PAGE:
Where are you from?
I was born and raised on an Israeli kibbutz (Nachshon, near Jerusalem).
Who are your favorite writers?
I can't quite do the 'favorite' thing. That seems to be an American preoccupation I neither understand nor share, like baseball and hamburgers. And I don't read much fiction. I prefer to read magazines, newspapers and online commentary (The New Yorker; NYT; Slate), psychological books and articles (Freud, Vygotsky, and current research) and poetry (Mark Strand, Milosz). I read in Hebrew a lot and like many Israeli writers (David Fogel, who wrote some of the most beautiful lines ever written in the Hebrew language; the enigmatic Yoel Hoffman, and the canonical poet Yehudah Amichai, who had an unparalleled gift for metaphor). Blue Mountain by Meir Shalev was immensely enjoyable for me. Amos Oz's The Same Sea I thought was strange and touching. The book, Moskva-Petushky (in English: ‚ÄòMoscow Circles') by Venedict Erofeev has had a most powerful, if not entirely explainable, hold on me. I love it. In English, I like the writing of my good friend Robert Cohen (The Varieties of Romantic Experience). J. M. Coetzee's Disgrace left a huge impression, and it contains the best opening line I've ever seen. Michael Chabon's The Yiddish Policemen Union was a playful beach read. Recently I read, Exit Ghost by Phillip Roth, and thought it potent. The book Is This Man? by Primo Levi has been influential. I don't think anybody writes, or can write—or should hope to write—like Primo Levi.
Which book/books have had the biggest influence on your writing?
My writing is not influenced that much by books. It's more influenced by music (Dylan, Miles Davis), movies (Amarcord; In the Mood for Love; Lilya 4-ever; old Spaghetti Westerns), and art (Hopper, Rothko, Henry Moore). When I write I hear the words as music—voice, rhythm, flow, and tone.
What are your hobbies and outside interests?
Listening to and playing music; watching and playing sports; appreciating art, particularly painting, sculpture and photography; reading about culture, politics and science; solitude, silence, and contemplation; and travel (preferably with my girlfriend; preferably in Italy).
What is the single best piece of advice anyone ever gave you?
I don't think advice shapes lives. I think experience does. Generally, what the people in your life do is more important than what they say. So I don't remember any really influential piece of advice. My father used to say: "It's OK to be stupid, but don't be a stupid idiot." I don't think he meant it as advice, but nevertheless I tried to adhere, with limited success. Also, years ago when I was installing solar panels on rich people's homes in San Francisco, one homeowner struck up a conversation with me. He was a well-dressed middle-aged black man. I was a young, foreign, unskilled laborer with a strange accent and very dirty overalls, who had just emerged from the crawl space under the house. I must have looked grim. He asked me about my future plans. I told him I was going to get a Ph.D. and become a clinical psychologist. He said he was a psychologist, and then he advised me to, "Take it a day at a time." That whole scene stuck with me. He would have been plenty justified to dismiss me and my nattering. But he didn't. I thought that was graceful.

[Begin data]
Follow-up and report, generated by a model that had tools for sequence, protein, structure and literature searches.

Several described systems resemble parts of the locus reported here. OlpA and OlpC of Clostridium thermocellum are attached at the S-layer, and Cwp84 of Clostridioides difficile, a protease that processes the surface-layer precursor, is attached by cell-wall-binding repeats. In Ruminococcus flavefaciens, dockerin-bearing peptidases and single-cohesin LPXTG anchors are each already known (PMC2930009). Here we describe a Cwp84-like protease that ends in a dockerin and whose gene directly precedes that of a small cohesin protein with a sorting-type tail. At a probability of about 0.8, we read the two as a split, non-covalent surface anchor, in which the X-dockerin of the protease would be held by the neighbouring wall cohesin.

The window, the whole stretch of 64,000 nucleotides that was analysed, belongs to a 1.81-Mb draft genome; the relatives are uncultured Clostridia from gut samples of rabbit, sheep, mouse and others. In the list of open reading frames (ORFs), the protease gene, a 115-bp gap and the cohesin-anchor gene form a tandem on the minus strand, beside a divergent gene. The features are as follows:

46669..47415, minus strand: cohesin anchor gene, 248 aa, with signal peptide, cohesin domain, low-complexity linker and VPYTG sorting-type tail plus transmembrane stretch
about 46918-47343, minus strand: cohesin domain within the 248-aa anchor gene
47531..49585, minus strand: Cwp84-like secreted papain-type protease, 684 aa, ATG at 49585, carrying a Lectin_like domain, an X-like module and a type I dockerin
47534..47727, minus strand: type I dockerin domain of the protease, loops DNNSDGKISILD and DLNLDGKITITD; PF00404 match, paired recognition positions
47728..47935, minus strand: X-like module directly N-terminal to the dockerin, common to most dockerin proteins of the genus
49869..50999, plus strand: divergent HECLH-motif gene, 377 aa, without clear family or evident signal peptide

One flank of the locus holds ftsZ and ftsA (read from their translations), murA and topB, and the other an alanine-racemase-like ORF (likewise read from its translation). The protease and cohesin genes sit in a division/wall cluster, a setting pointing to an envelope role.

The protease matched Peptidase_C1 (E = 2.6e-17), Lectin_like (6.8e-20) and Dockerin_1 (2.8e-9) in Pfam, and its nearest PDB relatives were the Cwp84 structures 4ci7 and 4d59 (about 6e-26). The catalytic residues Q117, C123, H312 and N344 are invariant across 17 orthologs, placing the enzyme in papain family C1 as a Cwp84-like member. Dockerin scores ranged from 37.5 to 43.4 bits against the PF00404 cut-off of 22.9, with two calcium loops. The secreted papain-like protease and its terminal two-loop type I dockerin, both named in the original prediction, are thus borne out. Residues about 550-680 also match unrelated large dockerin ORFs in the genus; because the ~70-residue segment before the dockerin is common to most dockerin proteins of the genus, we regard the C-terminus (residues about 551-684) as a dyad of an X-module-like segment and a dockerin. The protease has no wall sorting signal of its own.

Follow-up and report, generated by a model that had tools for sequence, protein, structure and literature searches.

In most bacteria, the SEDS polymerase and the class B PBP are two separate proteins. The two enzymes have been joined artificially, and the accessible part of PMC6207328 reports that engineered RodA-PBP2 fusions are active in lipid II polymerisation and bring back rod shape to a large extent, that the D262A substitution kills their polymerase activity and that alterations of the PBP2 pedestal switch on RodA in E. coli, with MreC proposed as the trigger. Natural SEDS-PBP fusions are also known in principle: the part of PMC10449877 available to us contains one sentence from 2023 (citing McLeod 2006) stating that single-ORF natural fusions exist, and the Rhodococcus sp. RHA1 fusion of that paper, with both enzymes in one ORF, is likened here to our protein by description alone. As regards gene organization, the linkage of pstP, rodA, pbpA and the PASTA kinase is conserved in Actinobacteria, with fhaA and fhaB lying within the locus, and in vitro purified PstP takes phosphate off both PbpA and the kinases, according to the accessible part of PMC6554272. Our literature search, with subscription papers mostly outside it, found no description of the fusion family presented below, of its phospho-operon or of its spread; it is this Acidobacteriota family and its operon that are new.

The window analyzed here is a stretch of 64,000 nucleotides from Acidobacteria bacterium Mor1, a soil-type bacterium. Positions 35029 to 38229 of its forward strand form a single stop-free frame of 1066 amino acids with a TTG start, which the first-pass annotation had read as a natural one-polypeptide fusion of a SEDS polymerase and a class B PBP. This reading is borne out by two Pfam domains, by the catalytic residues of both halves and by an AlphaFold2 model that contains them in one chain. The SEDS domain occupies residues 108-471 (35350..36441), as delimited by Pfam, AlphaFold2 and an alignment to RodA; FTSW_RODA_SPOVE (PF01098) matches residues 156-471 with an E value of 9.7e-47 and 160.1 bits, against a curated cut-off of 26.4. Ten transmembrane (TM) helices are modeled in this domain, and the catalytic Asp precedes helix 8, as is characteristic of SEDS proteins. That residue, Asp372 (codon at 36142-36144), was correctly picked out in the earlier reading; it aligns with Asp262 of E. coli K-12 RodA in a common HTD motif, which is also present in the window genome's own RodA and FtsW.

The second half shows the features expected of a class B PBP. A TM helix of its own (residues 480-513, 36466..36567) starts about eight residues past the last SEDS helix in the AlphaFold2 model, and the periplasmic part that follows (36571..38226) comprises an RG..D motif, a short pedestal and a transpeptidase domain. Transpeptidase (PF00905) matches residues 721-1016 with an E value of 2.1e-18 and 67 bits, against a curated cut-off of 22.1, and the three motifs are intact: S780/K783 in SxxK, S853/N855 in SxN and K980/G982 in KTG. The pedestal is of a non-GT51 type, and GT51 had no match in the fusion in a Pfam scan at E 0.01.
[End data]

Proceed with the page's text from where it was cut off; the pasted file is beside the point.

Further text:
What is your favorite quote?
I have many; and many are added and forgotten all the time. It all depends on the context and the mood. I like some of the quotes I put in the book. "If you dream of a muffin, you have a dream, not a muffin." That's from the great Israeli writer SY Agnon, I believe. Wittgenstein's "everything that can be said can be said clearly" is also in the book; I think it's factually wrong, but aspirationally right. Nietzsche once said something to the effect that, "when you look into the abyss, the abyss also looks into you." That's vivid. The Yiddish writer Isaac Bashevis-Singer was once asked, "What would you do if all the world leaders came to your door and asked for your advice?" He said: "let them come and ask; then we'll see." That's old Jewish wisdom, distilled. My eccentric graduate school advisor, Ted Wachs, trying his best to be encouraging after a therapy session early in my clinical training, once told me: "I don't think you have permanently harmed the client." Now that's praise you can believe in. My father is fond of saying: "it's better to be healthy and rich than sick and poor." That's not easily contradicted.
What is the question most commonly asked by your readers? What is the answer?
Have you written other things? Where can I find them? Yes. You probably can't.